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Wayne LaPierre calls for guns accompanied by police as the one and only possible solution to the tragedies of our times.  In supporting his position, the NRA presents three assumptions: (i) armed defenders is the silver bullet; (ii) no other solution can avoid the harm; and (iii) that no solution other than one that is perfect is worthy of discussion, when fundamental rights are in play.

The three assumptions are dogs that don't hunt.  They sound like more relaxed statements that may be salutary, but used in the manner La Pierre tends to do, they are false and dangerous pabulum that leads nowhere.  Of course, since that is his goal at times like this, he can be expected to use that framing.  The danger is that he funds the political fortune of a great number of policymakers, who ape the fallacious reasoning.

It is useful to consider his words, and to note that, at least this time, he proved too much.  His own words point the way to a broader, more robust solution.  More after the squiggly squiggle.

It is only fair to note what LaPierre did say:

[N]obody has addressed the most important, pressing and immediate question we face: How do we protect our children right now, starting today, in a way that we know works?

[...]

The only thing that stops a bad guy with a gun is a good guy with a gun.

It doesn't take much to shut down the absolutist argument, because a good guy with a gun is neither necessary nor sufficient.  A good guy with a gun might be helpless against a bad guy with a tank (or an assault weapon).  A good guy with a gun might not be at the right place or in time to be responsive.  Loughhner was subdued by unarmed bystanders until arrested by the armed police, and not before Gabby Giffords was shot multiple times.  And the good guy with the gun might not be able to get a clear shot against a reckless depraved heart shooter in a crowd.

So there are other ways to stop bad guys with a gun, and good guys with a gun may not be sufficient to stop them.  There is no silver bullet, but even if there was, it would be no good if the good guy is shot, disabled or not in the right place at the right time.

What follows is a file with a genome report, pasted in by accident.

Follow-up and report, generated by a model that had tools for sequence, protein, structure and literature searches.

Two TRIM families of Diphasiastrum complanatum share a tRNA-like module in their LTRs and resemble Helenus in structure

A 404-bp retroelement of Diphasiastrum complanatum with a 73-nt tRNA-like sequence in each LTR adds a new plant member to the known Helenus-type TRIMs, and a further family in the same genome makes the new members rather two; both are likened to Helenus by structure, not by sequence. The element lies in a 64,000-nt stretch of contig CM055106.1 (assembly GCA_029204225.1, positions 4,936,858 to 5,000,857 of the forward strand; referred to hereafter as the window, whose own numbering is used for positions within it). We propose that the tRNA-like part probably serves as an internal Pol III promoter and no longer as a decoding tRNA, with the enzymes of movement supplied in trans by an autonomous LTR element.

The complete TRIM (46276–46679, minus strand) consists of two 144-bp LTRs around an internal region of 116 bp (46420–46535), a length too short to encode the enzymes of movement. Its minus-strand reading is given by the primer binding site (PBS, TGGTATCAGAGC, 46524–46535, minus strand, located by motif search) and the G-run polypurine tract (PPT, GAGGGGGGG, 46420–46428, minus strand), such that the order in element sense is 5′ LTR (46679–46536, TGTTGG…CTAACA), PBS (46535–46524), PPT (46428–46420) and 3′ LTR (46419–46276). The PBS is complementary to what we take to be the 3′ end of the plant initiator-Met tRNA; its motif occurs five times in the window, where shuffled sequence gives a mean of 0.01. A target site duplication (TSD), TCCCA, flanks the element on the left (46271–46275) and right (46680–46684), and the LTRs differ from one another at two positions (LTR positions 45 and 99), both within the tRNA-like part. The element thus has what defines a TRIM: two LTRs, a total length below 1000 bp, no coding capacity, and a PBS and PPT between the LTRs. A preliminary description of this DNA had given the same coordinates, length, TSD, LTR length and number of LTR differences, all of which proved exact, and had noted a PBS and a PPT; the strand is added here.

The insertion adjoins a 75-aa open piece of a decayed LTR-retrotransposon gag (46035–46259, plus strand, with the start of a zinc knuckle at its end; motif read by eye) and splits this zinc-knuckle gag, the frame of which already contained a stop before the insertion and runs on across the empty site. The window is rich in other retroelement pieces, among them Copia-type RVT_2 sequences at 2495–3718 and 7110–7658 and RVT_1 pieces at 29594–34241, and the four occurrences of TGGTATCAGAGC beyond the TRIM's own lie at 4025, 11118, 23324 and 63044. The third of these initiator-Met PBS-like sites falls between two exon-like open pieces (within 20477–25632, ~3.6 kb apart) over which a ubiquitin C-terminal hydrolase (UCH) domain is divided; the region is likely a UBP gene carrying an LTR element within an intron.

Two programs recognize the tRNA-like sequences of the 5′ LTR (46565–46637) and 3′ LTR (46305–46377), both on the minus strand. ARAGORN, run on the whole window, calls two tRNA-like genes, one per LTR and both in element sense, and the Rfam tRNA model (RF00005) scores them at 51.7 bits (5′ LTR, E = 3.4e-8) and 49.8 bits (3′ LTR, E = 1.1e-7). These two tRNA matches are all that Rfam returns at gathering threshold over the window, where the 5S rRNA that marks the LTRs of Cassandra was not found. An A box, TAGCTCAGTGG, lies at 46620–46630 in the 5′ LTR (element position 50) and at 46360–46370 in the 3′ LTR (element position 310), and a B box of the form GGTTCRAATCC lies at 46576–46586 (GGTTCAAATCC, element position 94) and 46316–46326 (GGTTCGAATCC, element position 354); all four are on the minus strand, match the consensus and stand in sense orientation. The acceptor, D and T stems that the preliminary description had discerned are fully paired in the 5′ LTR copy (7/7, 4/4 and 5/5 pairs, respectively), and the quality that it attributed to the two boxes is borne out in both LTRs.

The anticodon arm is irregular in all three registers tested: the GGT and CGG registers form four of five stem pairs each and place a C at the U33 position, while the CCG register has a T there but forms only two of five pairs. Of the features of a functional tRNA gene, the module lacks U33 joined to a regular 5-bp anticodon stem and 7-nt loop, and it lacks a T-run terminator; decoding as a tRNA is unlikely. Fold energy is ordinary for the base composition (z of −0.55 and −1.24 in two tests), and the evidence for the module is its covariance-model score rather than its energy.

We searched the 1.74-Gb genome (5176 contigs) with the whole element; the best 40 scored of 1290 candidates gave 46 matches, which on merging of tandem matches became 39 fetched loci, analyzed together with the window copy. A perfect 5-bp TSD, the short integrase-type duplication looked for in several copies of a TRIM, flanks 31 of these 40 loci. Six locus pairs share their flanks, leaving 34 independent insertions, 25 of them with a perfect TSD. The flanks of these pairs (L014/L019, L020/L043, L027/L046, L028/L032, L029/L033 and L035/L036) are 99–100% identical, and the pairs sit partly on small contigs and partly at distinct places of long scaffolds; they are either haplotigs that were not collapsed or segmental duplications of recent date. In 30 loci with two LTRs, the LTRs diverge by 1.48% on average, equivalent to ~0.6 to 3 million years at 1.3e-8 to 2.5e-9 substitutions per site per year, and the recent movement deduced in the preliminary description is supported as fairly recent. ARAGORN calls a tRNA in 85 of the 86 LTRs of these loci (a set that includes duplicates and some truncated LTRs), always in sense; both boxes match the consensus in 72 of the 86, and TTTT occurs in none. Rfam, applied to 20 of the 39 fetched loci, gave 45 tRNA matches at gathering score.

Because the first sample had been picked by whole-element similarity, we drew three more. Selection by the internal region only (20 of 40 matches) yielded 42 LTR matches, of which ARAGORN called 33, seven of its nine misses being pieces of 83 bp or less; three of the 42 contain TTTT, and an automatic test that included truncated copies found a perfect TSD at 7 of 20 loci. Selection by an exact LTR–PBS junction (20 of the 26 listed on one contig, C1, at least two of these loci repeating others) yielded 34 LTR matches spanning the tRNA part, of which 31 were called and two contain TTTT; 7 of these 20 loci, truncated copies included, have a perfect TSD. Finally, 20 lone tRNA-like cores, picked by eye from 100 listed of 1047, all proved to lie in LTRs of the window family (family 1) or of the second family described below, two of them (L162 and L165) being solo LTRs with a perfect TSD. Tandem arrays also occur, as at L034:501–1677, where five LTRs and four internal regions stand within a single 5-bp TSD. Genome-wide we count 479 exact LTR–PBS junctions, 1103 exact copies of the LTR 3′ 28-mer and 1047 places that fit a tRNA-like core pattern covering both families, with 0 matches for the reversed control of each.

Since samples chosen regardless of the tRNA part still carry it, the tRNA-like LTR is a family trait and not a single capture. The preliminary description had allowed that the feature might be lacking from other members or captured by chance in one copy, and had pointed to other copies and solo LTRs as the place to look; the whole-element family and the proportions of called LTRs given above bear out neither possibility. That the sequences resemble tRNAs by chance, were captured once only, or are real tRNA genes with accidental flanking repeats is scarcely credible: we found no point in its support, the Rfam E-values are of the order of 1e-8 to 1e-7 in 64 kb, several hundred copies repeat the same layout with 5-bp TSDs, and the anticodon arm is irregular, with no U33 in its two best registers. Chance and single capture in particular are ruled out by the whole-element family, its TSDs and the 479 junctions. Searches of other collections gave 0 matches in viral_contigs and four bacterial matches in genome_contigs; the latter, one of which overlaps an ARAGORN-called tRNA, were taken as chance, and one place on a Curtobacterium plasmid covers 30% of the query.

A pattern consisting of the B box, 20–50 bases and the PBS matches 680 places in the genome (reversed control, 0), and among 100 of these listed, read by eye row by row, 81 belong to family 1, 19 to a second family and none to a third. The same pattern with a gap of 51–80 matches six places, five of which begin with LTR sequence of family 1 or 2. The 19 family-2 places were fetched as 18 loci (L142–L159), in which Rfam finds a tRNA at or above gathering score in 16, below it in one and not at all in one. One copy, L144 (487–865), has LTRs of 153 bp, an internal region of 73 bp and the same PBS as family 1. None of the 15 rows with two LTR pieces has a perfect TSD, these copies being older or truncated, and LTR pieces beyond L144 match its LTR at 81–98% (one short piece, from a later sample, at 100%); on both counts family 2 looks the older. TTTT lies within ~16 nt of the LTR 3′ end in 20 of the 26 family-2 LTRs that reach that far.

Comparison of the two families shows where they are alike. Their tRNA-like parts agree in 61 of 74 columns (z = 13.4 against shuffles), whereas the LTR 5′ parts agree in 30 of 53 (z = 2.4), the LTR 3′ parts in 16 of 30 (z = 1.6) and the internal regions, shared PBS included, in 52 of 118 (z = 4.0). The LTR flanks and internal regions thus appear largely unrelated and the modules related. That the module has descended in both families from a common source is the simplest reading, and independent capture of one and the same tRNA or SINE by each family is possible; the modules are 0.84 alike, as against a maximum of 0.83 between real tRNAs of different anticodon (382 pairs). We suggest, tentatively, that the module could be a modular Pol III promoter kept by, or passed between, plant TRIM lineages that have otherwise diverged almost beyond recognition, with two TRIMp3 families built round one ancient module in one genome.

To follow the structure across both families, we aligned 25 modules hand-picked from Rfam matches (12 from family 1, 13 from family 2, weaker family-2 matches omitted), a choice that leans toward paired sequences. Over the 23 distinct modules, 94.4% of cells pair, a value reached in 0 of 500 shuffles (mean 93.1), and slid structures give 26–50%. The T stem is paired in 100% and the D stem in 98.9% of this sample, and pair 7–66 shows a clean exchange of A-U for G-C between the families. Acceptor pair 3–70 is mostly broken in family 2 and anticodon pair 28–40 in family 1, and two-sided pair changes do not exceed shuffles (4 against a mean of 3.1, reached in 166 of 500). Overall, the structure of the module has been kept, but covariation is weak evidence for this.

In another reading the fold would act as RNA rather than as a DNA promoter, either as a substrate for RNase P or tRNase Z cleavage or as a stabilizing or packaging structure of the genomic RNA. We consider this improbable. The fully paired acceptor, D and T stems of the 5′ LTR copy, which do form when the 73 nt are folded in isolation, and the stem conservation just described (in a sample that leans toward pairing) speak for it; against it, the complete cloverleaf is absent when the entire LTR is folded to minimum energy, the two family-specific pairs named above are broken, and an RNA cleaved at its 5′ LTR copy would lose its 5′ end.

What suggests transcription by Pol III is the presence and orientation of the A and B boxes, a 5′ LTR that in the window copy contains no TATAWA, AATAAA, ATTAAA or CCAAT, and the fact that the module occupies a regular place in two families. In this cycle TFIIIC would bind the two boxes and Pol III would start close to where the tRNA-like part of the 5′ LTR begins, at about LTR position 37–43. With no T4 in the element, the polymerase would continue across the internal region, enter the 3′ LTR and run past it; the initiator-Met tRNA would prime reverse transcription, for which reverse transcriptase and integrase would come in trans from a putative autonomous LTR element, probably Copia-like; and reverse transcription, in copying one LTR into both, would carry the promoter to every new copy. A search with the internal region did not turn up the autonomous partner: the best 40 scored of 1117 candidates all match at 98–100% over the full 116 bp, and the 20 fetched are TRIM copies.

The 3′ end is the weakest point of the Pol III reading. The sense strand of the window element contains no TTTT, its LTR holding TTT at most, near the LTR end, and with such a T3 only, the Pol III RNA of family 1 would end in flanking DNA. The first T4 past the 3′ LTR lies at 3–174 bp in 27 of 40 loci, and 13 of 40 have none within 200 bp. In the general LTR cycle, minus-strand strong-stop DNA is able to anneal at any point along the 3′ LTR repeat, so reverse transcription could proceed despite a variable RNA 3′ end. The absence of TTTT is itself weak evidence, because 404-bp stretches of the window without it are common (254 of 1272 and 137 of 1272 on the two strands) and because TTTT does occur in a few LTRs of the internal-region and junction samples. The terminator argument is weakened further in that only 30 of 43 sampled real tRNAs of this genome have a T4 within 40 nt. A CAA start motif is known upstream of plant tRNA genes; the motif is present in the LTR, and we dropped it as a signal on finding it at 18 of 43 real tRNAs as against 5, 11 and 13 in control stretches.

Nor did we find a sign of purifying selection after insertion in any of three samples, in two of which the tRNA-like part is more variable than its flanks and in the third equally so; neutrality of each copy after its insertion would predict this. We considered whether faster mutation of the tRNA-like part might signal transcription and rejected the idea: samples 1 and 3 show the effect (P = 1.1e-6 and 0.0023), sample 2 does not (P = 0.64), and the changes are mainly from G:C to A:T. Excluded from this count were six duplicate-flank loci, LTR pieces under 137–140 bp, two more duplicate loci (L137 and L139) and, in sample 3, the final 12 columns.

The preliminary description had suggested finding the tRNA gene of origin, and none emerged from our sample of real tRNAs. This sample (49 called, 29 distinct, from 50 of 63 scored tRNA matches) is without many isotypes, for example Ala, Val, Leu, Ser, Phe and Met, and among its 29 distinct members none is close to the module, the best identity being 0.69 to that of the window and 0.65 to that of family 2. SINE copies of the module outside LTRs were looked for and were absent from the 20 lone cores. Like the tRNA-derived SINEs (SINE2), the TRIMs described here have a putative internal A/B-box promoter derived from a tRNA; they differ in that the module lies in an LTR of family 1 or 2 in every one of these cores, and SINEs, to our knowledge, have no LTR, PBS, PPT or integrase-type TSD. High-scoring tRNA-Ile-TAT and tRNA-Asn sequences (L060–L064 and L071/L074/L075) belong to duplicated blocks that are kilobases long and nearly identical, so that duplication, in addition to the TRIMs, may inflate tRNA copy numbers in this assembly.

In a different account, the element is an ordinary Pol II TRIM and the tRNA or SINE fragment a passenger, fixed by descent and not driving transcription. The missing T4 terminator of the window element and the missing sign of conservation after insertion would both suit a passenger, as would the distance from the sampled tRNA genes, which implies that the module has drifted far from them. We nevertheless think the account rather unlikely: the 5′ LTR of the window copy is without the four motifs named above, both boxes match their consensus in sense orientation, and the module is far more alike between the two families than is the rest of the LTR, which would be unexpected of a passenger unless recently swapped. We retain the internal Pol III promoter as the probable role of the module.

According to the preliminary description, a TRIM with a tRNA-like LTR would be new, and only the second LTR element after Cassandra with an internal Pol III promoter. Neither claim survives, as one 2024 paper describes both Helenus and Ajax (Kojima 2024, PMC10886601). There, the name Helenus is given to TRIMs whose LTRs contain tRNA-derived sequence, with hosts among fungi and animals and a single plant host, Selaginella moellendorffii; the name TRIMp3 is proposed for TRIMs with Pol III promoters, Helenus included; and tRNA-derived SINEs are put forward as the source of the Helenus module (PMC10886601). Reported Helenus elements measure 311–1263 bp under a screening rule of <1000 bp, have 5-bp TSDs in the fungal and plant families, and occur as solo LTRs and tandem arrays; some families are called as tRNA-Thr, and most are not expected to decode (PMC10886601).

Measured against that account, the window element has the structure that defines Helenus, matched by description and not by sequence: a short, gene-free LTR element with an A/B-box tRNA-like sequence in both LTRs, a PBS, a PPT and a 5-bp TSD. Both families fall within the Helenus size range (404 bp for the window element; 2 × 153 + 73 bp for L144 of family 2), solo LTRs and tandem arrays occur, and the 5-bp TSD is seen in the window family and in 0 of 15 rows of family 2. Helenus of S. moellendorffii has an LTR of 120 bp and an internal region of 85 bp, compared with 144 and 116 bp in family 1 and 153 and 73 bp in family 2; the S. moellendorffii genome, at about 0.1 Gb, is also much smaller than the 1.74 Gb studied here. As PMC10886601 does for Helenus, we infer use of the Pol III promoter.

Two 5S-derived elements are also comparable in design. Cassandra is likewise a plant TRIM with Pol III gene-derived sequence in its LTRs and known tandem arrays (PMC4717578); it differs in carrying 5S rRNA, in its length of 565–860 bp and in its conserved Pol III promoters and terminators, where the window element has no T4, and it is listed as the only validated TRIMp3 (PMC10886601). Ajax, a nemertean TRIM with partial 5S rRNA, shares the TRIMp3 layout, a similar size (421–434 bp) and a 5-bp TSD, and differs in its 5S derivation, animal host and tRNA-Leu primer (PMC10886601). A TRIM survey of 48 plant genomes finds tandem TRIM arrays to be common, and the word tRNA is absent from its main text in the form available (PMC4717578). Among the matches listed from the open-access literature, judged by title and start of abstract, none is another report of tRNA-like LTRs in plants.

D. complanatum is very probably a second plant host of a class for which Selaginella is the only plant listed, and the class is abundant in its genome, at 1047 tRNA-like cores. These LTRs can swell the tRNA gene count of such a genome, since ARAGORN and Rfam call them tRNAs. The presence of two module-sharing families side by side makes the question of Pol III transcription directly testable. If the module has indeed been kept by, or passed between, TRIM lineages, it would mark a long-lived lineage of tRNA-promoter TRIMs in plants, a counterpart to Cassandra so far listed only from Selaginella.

While not being an effective or only solution, what might go wrong by placing armed minimum wage workers in a school system?  I could go on forever, but obviously, the employee might be subdued to obtain his weapon for harm, the employee might go postal, or the employee might seek out the position for the very purpose of being a wolf in a henhouse, armed and in the company of many children.  And by the way, how is a school, particularly in low income districts, going to afford hiring a music teacher going to be able to hire a competent, reliable and professional rent-a-cop?

Perhaps LaPierre's false statement that the "only thing that stops a bad guy with a gun is a good guy with a gun" points the way to other, more practical solutions?  In particular, perhaps we might try to reduce or mitigate the bad guy having the gun.  We might begin the problem by refining our notion of "bad guy," to be limited to the young, first-break psychotics that seem to be the most common perpetrators of these horrors, and look for meaningful ways to keep them from ready access to guns, or at least to weapons with high-volume magazines?  

Perhaps we might deter deterrable, rational, healthy owners of such weapons from providing access or failing to secure such weapons with meaningful penalties, and enforcement mechanisms including inspections of the security so provided?  Perhaps we might seriously approach mental health and carefully consider what can be done to intercede between the time someone is diagnosable, to slow the ease with which the means of tragedy are obtained and the time a trigger is pulled?  Hell, at least provide someone with health care so that it is easier to get help than to get a gun.

Franklin poignantly wrote that "they who can give up essential liberty to obtain a little temporary safety, deserve neither liberty nor safety."  I share this sentiment.  However, essential liberties are not without consequences and fencing off checks against those liberties in the name of absolute libertarianism has never been the practice in America.  Freedom of speech is not absolute, whether or not it should be, and the NRA has already supported significant invasions of fourth and fifth amendment liberties that were greatly curtailed by the Patriot Act.

Whatever the solution is, the dialog must be improved.  Stonewalling with pabulum should be excoriated, and thus exposes the NRA from its PR veneer as defender of legitimate rights for the interest of a healthy nation, to a well-funded entity existing to protect a single-minded special interest at the expense of all other relevant rights and interests.

He doesn't make this argument because it makes sense.  He makes it because it makes dollars for his organization.

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